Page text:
And then you shower eleven times in a row and have a very very very long nap and dream of camels.

Best road sign. Ever.

Desert Adventure, Day One

Sunday, December 13, 2015

As I start to write this post I'm sitting in the Abu Dhabi Airport on a warm and sunny day, waiting for a flight to take me back to rainy London.  The gig is done and suddenly it’s Christmas, which is exceedingly strange.  It’s been summer since about May for me, so the idea that it’s Christmas in two weeks is simply bizarre.  Though I’m sure I’ll feel differently when I get back to the Western World and get a few mince pies under my belt.  In the mean time, there's a lot to tell about my last two days in the UAE, which was spent on an amazing adventure in the desert, courtesy of a perfectly lovely local colleague and friend, Abdulla.

Here’s Abdulla, sporting his “winter kandora” in beige.  (Note: most of the really nice pictures in this post are by other people who have those kind of cameras that involve knowing about things like ISO settings and hence spent a lot of time worrying about sand getting into their lenses and such but still manage to get some really lovely photos. Thanks for sharing, gang!)

I’m not really sure how we came to be offered the opportunity, I only know that an email went around promising a trip out to the Al Dhafra Festival, popularly known as the Camel Beauty Pageant.  There would be camels (of course) and sand dunes, and camping in the desert… how could I resist?  So it was that 13 of us gathered at the hotel on Monday morning and tried to shoehorn ourselves and our luggage into two big SUVs.  Abdulla was at the wheel of one car, and it soon became apparent that the amount of luggage and people somewhat exceeded the amount of space available. That was when those of us in the second car sacked our local driver and elected one of our own as leader and driver (“Lost Boys Style!”, as Fritha commented.) With the car key recovered from the out-of-work driver who left with it in his pocket, and with our new leader, Nick, suitably schooled in the intricacies of the Sand Button, we set off.

Of course the car came with a Sand Button!  It would become important later on, as you will hear in our next installment.

The Camel Beauty Pageant is actually a really big deal, and a huge event.  It started only nine years ago with a mere 1,500 camels, and now involves about 25,000 beasts, and a whole lot of infrastructure to go with it, all out in the middle of the dessert at Madinat Zayed.  It’s hard not to find the whole thing sort of comic, since to our (or at least MY) Western eyes a camel is a sort of odd, exotic and ungainly creature generally only encountered in Tales of the Arabian Nights and on cigarette packs.  In desert culture though, camels are prized possessions, and breeding, raising and showing camels is a respected (and expensive) tradition.  I saw a lot of camels in my time in Abu Dhabi, and by the end I really warmed to them.  Watching them move, it’s like they’re in slow motion.  And seeing camel after camel you start to recognise the traits that make up a prized specimen: "the length and height of the neck, the size of the head, the shape of the nose, the straightness of the legs, the shape and the location of the hump, the width of the upper part of the chest, and other qualities that define the beauty of the camel." (from the Al Dhafra website of course!)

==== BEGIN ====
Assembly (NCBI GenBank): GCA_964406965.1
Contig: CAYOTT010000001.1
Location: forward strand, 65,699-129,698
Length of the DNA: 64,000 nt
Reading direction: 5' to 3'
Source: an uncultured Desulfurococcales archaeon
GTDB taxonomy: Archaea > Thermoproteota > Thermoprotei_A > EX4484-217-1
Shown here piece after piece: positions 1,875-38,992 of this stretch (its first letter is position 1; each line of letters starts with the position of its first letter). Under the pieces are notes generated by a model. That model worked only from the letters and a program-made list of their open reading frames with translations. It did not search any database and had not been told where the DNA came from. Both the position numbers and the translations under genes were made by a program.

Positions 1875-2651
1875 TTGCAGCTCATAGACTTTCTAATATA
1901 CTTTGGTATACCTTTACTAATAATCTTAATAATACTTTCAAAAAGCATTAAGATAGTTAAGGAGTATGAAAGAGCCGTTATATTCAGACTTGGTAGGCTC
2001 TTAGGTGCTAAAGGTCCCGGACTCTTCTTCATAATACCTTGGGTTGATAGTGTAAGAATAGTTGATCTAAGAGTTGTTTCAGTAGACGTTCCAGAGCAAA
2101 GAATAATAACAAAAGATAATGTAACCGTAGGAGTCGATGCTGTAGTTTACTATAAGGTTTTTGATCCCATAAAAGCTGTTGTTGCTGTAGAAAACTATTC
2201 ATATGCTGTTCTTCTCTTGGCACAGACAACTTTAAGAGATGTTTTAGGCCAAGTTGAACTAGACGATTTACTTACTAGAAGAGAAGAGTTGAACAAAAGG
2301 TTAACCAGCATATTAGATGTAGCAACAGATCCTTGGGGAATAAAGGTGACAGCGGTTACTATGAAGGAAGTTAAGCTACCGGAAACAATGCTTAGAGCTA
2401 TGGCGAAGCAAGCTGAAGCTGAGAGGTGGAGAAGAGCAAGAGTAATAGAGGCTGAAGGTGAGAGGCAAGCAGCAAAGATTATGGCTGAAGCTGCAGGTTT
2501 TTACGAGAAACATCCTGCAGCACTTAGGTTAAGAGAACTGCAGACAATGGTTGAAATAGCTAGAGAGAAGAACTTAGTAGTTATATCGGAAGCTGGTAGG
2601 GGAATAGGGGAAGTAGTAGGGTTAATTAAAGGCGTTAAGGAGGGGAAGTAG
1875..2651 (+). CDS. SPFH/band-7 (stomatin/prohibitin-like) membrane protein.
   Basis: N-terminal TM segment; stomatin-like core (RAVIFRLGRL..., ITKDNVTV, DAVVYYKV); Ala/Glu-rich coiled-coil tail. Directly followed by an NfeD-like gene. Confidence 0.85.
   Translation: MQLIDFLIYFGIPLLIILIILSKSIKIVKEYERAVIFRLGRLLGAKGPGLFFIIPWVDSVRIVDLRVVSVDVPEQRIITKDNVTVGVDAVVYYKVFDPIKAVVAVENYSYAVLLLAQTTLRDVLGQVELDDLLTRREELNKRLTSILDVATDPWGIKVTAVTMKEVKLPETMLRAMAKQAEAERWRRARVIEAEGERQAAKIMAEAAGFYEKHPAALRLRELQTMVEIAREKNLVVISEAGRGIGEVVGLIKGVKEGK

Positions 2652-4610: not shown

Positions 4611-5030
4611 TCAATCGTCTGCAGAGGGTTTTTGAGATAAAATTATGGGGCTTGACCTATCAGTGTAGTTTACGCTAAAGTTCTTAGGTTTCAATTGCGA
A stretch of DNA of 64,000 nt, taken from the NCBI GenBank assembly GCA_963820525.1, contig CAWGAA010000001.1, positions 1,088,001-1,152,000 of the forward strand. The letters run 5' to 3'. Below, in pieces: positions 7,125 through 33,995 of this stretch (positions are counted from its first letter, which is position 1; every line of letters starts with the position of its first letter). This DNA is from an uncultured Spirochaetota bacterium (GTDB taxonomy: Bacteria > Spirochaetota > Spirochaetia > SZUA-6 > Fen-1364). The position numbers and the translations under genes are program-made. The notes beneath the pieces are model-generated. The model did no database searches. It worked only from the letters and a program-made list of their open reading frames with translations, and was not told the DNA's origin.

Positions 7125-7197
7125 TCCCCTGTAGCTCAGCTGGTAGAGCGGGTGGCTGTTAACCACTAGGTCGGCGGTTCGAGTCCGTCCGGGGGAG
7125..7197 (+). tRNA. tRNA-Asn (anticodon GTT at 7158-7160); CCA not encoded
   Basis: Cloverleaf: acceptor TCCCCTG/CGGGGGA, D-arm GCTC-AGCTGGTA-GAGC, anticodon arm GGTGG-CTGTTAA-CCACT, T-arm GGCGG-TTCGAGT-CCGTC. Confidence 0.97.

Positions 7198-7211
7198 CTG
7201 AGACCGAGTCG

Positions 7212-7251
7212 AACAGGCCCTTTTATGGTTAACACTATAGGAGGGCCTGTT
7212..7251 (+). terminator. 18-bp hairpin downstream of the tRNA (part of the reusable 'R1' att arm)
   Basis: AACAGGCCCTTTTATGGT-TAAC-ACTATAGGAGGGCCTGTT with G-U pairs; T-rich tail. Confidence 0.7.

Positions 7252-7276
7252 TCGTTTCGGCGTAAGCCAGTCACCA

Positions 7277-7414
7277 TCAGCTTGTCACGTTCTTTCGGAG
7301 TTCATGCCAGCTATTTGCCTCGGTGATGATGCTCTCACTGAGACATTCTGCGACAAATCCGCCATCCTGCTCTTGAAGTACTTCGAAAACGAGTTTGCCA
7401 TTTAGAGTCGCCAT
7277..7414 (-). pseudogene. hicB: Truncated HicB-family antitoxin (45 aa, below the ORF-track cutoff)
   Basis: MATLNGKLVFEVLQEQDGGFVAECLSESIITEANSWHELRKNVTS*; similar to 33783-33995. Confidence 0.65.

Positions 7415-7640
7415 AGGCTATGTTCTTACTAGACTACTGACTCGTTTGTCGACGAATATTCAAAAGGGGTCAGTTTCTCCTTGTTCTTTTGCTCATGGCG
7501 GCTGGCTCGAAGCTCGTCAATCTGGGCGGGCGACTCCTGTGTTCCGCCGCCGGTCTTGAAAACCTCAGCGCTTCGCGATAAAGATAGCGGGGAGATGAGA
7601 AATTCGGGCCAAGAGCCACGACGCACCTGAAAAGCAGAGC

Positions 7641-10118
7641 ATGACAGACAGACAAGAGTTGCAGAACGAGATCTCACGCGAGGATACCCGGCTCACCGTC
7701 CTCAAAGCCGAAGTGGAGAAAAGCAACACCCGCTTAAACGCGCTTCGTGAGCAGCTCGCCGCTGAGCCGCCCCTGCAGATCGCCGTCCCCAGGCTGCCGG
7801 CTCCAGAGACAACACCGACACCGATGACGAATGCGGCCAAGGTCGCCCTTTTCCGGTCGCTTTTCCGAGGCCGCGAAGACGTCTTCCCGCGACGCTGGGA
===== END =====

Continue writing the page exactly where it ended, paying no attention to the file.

Also, a camel able to exhibit a wide range of goofy expressions is particularly prized. (Ok, not really.  But they do all seem to be naturally skilled in that department.)

And when I say expensive, I am really not kidding.  Prize money at the Al Dhafra Festival totals about 55 millions dirhams (about ten million pounds!) and a single specimen can easily be worth 200-300,000 AED (£36,000 - £54,000).  Some breeders have a hundred or more beasts, and with each one worth more than a car, you can see how serious the business is.

Driving towards Liwa, it was a bit odd how much it reminded me of home.  The terrain is flat flat flat, and the sand drifting across the road looks remarkably like blowing snow.  After a couple hours of driving and a few pitstops we made it to our desert camp at the Festival site. Our stay was from Dec. 7-9, but the festival didn’t start until the 10th, so the whole site was still very much under construction.  Participants were still assembling their camps, each complete with camel pens and an uncountable number of UAE flags, and vendors were setting up stalls selling food and camping supplies.  There was even a place where you could get your kandora cleaned (of course).  Truly, it is the Glastonbury of Camels.  Our site was inside a fenced compound that included a fire pit surrounded by wooden decking, a large traditional “majlis” tent, a dining tent, a couple of trailers with bathrooms, and a dozen smaller tents for sleeping in.

The camp compound on the left, and on the right… desert.  We were apparently about 30km from the border with Saudi Arabia, at the edge of what they call The Empty Quarter - the largest sand desert in the world.

After we arrived we spent a bit of time just relaxing in the big tent, not really sure what was expected, or what would happen next.  This became the theme of the trip - not being sure what would happen next.  It required a sort of zen acceptance of whatever came, which generally turned out to be totally awesome.